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Aichi Travel Guide A calm and relaxing golf getaway in the middle of Japan

Roof of Daijuji temple Okazaki, Aichi

Just another announcement on the shinkansen to more popular spots, Aichi offers a calm and relaxing golf getaway in the middle of Japan. The prefecture is often overlooked as a vacation destination despite having a lot to offer visitors, including over 50 golf courses. And while you can expect beautiful sights and authentic experiences, you don’t need to worry about the long lines and busy crowds. Located on Ise Bay with Mie to the west and Shizuoka to the east, you’ll find it’s super easy to get there. Take a shinkansen from Tokyo and you’ll be in Aichi in less than two hours.

Photo: Daijuji temple, Okazaki, Aichi. From Flickr cc by Bong Grit 

Things to do

Evening at Nagoya, Japan

With a great location, a rich history, and a vibrant economy, Aichi is in the center of things. Take some time away from the course and try these activities.

Explore the city of Nagoya, Aichi’s biggest metropolis, for a bit of everything. For some culture, visit Nagoya Castle. The castle is in the center of the city and features golden sculptures of a mythical creature with a tiger head and carp body called shachihoko. For the science-enthusiasts, visit the city’s science museum. Nagoya City Science Museum guarantees hours of stargazing with the largest planetarium in the world.

If you love art, visit Sakushima, the second largest island in Mikawa Bay. The island, accessible by boat from Nishio, features modern pop art installations. You can see and interact with over 20 pieces along the coast and roads. The island is small, and you can get to everything on foot or by bicycle.

If you have a bit more time, the Red Miso Museum is a perfect excursion for foodies. The museum can be found in the center of Okazaki, the birthplace of many things—red miso included. Here, you’ll get to learn how red miso has been made for hundreds of years.

Photo: Evening at Nagoya, Japan from Flickr cc by Johnlsl

Flavors of Aichi

えびせんべいの里 - Shrimp Cracker Factory

Speaking of food, you’ll have plenty of exciting foods to feast on in Aichi prefecture.

One dish you need to try is called hitsumabushi. Similar to unadon, hitsumabushi is a Nagoya specialty. The dish features grilled eel that’s served three ways to highlight the different textures and flavors. The eel is served on rice alongside multiple pickled sides.

If eel is too tame, head toward the Mikawa Bay area. Japan has many notorious dishes, and blowfish is definitely one of them. This is because fugu, as it is called in Japanese, can be poisonous if prepared improperly. Luckily, you can try high-quality blowfish in Aichi, where many are caught.

And for those who want something just a tad more familiar, head over to Toyota city for goheimochi. This stall food is made of baked rice cake slathered in a sweet red miso paste. Served on a stick, it’s the perfect snack to walk around the town with.

Photo: Shrimp Cracker Factory from Flickr cc by Emran Kassim


Events and Seasonal Happenings

Lanterns at Tenno Matsuri Aichi prefecture

With its central location, Aichi has played a large role in the culture of Japan. So when you need a break from golf, try to attend one of the many local events. If you’re planning a trip during the winter, experience the Okumikawa Hana Matsuri. A festival that started over 700 years ago, this eastern Aichi festival showcases multiple performances and rituals to ward off bad spirits bring fortune to the area.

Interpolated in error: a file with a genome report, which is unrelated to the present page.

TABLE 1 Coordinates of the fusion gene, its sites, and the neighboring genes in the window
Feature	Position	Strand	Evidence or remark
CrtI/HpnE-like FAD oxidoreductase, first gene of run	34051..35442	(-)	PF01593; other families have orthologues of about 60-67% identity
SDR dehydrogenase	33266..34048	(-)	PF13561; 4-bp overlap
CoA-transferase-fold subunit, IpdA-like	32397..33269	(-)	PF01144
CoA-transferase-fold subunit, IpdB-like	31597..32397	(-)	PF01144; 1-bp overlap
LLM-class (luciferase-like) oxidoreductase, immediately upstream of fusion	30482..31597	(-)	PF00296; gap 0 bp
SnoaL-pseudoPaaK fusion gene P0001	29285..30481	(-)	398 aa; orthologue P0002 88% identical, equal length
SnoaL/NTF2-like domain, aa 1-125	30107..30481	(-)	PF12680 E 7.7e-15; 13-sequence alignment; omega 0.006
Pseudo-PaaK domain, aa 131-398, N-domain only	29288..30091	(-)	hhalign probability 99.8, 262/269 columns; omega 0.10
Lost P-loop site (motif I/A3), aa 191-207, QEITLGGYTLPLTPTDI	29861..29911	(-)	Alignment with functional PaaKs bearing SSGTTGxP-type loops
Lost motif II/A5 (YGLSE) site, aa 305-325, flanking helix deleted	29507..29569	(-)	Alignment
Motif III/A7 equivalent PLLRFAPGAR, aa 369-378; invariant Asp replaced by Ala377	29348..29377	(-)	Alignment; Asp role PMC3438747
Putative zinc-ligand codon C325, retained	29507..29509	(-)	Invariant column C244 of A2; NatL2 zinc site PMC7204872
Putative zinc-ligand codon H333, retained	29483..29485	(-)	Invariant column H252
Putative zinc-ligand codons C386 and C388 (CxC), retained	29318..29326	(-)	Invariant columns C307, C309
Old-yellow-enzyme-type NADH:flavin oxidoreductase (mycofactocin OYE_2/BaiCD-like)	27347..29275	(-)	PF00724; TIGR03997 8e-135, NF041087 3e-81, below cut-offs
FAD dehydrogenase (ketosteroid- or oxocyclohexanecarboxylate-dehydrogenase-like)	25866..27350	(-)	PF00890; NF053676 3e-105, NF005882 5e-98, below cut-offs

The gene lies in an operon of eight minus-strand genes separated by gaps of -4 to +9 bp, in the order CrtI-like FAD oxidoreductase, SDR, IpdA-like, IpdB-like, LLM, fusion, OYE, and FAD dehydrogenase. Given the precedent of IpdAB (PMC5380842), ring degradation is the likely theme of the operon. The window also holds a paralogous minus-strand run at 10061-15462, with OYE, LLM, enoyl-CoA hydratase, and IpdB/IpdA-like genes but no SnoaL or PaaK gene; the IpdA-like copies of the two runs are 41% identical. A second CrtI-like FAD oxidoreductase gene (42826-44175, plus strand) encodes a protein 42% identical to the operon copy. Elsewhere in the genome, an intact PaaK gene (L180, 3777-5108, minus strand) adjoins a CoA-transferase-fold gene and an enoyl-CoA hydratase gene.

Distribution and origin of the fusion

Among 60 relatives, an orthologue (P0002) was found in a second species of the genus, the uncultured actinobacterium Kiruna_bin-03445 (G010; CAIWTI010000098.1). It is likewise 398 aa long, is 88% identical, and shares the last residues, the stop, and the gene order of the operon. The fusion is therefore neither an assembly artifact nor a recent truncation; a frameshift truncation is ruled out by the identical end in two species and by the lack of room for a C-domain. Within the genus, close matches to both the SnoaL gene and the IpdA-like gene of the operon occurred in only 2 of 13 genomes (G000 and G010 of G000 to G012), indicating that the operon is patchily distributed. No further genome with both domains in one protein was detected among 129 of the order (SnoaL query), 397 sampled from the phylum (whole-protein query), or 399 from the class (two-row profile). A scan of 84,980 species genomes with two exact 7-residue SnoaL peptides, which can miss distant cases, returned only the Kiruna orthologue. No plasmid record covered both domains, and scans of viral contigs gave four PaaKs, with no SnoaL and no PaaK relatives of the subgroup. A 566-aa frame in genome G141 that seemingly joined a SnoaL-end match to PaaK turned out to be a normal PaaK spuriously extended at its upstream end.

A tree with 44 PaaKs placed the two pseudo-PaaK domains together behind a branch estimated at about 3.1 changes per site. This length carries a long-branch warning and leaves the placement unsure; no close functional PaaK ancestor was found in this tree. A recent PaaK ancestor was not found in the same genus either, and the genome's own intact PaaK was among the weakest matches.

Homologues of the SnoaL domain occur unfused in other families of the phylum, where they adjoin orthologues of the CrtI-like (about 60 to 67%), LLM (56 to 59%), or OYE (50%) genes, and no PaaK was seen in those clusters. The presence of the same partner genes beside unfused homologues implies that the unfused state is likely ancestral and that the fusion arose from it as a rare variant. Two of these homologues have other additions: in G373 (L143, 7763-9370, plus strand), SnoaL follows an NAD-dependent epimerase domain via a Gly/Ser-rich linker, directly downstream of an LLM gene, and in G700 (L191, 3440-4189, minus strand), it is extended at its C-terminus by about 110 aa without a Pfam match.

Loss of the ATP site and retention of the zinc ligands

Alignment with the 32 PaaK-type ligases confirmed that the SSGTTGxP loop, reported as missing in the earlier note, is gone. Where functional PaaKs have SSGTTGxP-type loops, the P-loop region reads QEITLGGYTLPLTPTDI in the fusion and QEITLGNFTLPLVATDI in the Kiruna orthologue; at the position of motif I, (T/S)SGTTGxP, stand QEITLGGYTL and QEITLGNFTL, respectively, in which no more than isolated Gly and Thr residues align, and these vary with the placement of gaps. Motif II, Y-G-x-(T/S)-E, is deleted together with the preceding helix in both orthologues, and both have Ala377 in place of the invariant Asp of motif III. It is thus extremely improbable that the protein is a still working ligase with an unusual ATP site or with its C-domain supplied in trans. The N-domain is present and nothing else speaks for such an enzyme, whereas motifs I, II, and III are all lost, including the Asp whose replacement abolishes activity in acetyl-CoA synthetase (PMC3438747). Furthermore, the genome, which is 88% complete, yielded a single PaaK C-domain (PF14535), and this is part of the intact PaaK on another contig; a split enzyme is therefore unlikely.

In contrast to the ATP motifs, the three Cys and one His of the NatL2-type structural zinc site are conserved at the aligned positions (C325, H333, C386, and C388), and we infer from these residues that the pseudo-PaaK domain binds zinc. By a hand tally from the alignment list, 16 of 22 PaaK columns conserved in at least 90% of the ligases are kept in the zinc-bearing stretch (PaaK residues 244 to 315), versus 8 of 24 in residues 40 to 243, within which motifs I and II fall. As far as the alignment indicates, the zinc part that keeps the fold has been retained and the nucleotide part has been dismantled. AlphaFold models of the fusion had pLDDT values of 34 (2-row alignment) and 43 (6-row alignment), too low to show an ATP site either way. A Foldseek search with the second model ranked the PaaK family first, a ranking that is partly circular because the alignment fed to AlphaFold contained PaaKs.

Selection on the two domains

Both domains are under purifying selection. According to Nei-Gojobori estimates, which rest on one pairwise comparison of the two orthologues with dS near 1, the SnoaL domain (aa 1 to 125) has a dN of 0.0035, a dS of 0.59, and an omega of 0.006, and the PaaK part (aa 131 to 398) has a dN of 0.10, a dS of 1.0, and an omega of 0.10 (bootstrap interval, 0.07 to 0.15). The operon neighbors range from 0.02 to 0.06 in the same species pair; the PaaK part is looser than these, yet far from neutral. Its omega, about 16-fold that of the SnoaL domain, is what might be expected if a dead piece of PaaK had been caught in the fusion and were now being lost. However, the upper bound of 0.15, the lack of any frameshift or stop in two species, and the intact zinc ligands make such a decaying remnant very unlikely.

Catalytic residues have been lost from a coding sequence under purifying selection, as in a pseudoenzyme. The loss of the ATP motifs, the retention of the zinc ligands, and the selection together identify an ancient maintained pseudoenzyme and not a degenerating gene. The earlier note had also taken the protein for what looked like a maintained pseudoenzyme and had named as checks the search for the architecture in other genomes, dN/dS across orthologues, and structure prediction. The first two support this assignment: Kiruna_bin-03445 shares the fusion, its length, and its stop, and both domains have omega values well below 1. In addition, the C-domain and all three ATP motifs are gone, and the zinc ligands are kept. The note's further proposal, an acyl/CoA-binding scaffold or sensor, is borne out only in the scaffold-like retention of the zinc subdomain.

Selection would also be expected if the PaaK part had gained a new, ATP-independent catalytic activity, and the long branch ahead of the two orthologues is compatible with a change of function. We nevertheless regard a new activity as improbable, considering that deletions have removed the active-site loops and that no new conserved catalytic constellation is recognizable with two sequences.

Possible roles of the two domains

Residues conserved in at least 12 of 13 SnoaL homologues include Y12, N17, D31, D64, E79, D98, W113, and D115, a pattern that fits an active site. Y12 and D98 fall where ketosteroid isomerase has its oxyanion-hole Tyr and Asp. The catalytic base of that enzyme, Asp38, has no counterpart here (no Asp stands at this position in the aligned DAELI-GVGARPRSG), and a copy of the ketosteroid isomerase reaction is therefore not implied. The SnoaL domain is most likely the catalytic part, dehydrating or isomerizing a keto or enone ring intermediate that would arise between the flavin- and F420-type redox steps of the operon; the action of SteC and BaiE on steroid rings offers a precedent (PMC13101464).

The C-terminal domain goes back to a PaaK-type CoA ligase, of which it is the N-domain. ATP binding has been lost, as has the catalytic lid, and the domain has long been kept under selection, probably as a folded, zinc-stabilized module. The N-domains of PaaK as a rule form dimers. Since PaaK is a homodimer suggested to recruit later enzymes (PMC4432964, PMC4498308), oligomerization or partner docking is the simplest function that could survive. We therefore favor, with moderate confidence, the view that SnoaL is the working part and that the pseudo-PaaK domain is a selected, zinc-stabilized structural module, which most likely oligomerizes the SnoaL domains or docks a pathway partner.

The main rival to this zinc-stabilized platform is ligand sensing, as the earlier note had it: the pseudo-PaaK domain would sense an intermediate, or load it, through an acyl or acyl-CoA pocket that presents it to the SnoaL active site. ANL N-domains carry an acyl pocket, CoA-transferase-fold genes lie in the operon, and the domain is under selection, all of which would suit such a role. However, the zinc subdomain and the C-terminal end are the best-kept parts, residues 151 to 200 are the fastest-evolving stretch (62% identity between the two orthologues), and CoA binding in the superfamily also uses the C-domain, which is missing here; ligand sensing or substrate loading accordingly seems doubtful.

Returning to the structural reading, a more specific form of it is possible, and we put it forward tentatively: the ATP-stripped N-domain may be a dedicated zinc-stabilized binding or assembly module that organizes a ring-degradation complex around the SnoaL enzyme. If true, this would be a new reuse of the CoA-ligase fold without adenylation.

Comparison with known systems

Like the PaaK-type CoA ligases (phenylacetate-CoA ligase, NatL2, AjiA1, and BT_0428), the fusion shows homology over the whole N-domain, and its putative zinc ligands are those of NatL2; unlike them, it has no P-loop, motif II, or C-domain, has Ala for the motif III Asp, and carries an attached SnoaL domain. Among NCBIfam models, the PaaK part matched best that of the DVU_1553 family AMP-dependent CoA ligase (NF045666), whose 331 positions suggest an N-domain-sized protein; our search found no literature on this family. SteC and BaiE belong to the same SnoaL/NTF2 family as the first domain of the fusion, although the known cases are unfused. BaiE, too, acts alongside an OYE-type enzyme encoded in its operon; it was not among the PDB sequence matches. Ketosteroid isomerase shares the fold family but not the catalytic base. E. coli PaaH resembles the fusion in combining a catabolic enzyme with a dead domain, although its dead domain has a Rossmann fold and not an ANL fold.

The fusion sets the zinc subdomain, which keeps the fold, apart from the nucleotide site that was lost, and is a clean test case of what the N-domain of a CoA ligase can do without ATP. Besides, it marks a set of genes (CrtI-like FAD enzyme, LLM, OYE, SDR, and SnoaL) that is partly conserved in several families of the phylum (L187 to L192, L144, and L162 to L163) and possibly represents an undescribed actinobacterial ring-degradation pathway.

If you’re visiting in summer, check out the Tenno Matsuri. This festival takes place in June in Tsushima and has over 500 years of history. Over the course of two days, elaborately-lit boats, and hundreds of paper lanterns, float along the Tenno River. The festival honors a god named Gozu Tenno.

Photo: Lanterns at Tenno Matsuri Aichi prefecture from Flickr cc by Tsuda

What to Bring Back

A pottery dealer presents her wide selection dishes to potential buyers during the Seto Pottery Autumn Festival held in Seto

Make your journey last that much longer and bring home a bit of Aichi. This prefecture has some great souvenirs. For something to share with others, pick up some of the region’s senbei, or salty Japanese crackers. You can find plenty of fun flavors such as shrimp or chicken. And look for the cat-shaped neko-senbei!

If you want something a bit more permanent, be on the lookout for Seto or Tokoname pottery. The clayware from these regions are steeped in culture and make a perfect gift or personal treasure to remember your trip. 

Photo: Seto Pottery Festival vendor from Flickr cc by COMSEVENTHFLT


Where to Stay

Aichi Onsen

While visiting Aichi, you should stay in some of the beautiful seaside luxury hot spring resorts. Try Suehiro in Nishiura Onsen, where each room has a view of the bay. You can use the public baths, or enjoy the intimacy of a private bath. Another great option is Hazu in Yuya Onsen. Here, you can relax to the sound of the nearby river.

Photo: From Hazu Yuya Onsen 

Wrap up

If you can’t take too much time away, hop on a train and head to Aichi. In just a couple of hours, you’ll have access to delicious food, Feudal-era Japan, and expansive golf courses. And with so much to do, you may never want to leave.

Getting there

From Tokyo, take the JR Tokaido Shinkansen to Nagoya Station. The train ride takes approximately 1 hour and 45 minutes.

From Osaka, take the JR Tokaido Shinkansen at Shin-Osaka Station to Nagoya Station. The train ride takes 1 hour.

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